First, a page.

Stimulating Santa Barbara

Via Google Maps, Rep. Lois Capps has provided a visual breakdown of what locations in her 23rd Congressional District have received money as part of the American Recovery and Reinvestment Act. The map is equipped with markers and projected totals for each respective program and department. So far, the Congressional 23rd District-which comprises much of Santa Barbara County-is estimated to receive approximately $140 million. According to the map, the county will be allocated a total of $3.75 million toward programs including community development, public health, housing authority, parks, and education. Of that figure, $829,013 will go toward the county’s homelessness prevention fund, which will provide more amenities and food for those in need. As promised, education remains an area that the Recovery Act aims to provide major funding for-in total, the Santa Barbara School Districts will receive an estimated $1.2 million. Healthcare access is another area of focus by the recovery fund, which will give $209,509 to the county’s health department to increase care for more patients. The map shows that the City of Santa Barbara will also reap the benefits of the recovery package-a projected $4.6 million alone will be set aside to support transportation operations. To reduce the city’s total energy use and fossil fuel emissions, nearly $868,200 will be doled out to improve energy efficiency.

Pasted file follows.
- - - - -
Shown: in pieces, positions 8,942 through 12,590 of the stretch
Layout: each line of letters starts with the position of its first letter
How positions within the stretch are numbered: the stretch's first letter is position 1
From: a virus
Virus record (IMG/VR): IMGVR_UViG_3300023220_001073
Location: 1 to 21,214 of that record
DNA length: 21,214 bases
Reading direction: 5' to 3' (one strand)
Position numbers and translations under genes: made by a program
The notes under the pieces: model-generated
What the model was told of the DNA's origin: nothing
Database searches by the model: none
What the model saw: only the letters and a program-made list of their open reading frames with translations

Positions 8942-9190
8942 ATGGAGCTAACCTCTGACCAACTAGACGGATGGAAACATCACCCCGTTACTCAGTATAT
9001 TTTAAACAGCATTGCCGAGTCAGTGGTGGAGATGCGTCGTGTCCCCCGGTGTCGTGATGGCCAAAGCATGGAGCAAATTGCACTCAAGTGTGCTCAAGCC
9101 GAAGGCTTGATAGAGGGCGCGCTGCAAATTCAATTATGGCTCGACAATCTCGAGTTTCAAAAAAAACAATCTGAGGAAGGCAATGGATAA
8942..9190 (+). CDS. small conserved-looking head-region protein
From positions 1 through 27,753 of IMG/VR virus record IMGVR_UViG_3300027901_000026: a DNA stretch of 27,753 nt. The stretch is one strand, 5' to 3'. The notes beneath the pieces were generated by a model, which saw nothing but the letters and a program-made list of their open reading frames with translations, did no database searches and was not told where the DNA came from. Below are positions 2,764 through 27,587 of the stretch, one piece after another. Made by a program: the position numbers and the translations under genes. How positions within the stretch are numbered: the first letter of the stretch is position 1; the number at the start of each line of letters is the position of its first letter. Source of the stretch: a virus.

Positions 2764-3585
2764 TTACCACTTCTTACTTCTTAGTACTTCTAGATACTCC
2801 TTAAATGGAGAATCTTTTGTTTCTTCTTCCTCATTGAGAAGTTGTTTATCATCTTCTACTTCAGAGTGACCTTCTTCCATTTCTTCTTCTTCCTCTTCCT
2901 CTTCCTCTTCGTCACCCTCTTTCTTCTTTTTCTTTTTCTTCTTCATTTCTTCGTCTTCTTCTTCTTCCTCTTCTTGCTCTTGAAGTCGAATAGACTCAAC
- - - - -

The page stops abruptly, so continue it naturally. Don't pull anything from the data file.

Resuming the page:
View Recovery Funds at Work in CA-23 in a larger map

To submit a comment on this article, email or visit our Facebook page. To submit information to a reporter, email

event calendar sponsored by:

SEC Sues Goleta Breast Implant Company’s CEO for Fraud

Hani Zeini allegedly concealed information and misled investors.

Goleta Woman Arrested in Hope Ranch for Prowling

Christen Aceves was also wanted for unlawful possession of a bird of prey.

Man Talked Down from Goleta Overpass

The 48-year-old had tied himself to a sign support.

Get Oil Out Founder and Dolphin Sculptor Bud Bottoms Dies

He was a true man-about-town and an engaged public citizen.

Plastic Bags? Throw ’Em Away

Santa Barbara County makes recycling rules tougher in face of exacting standards.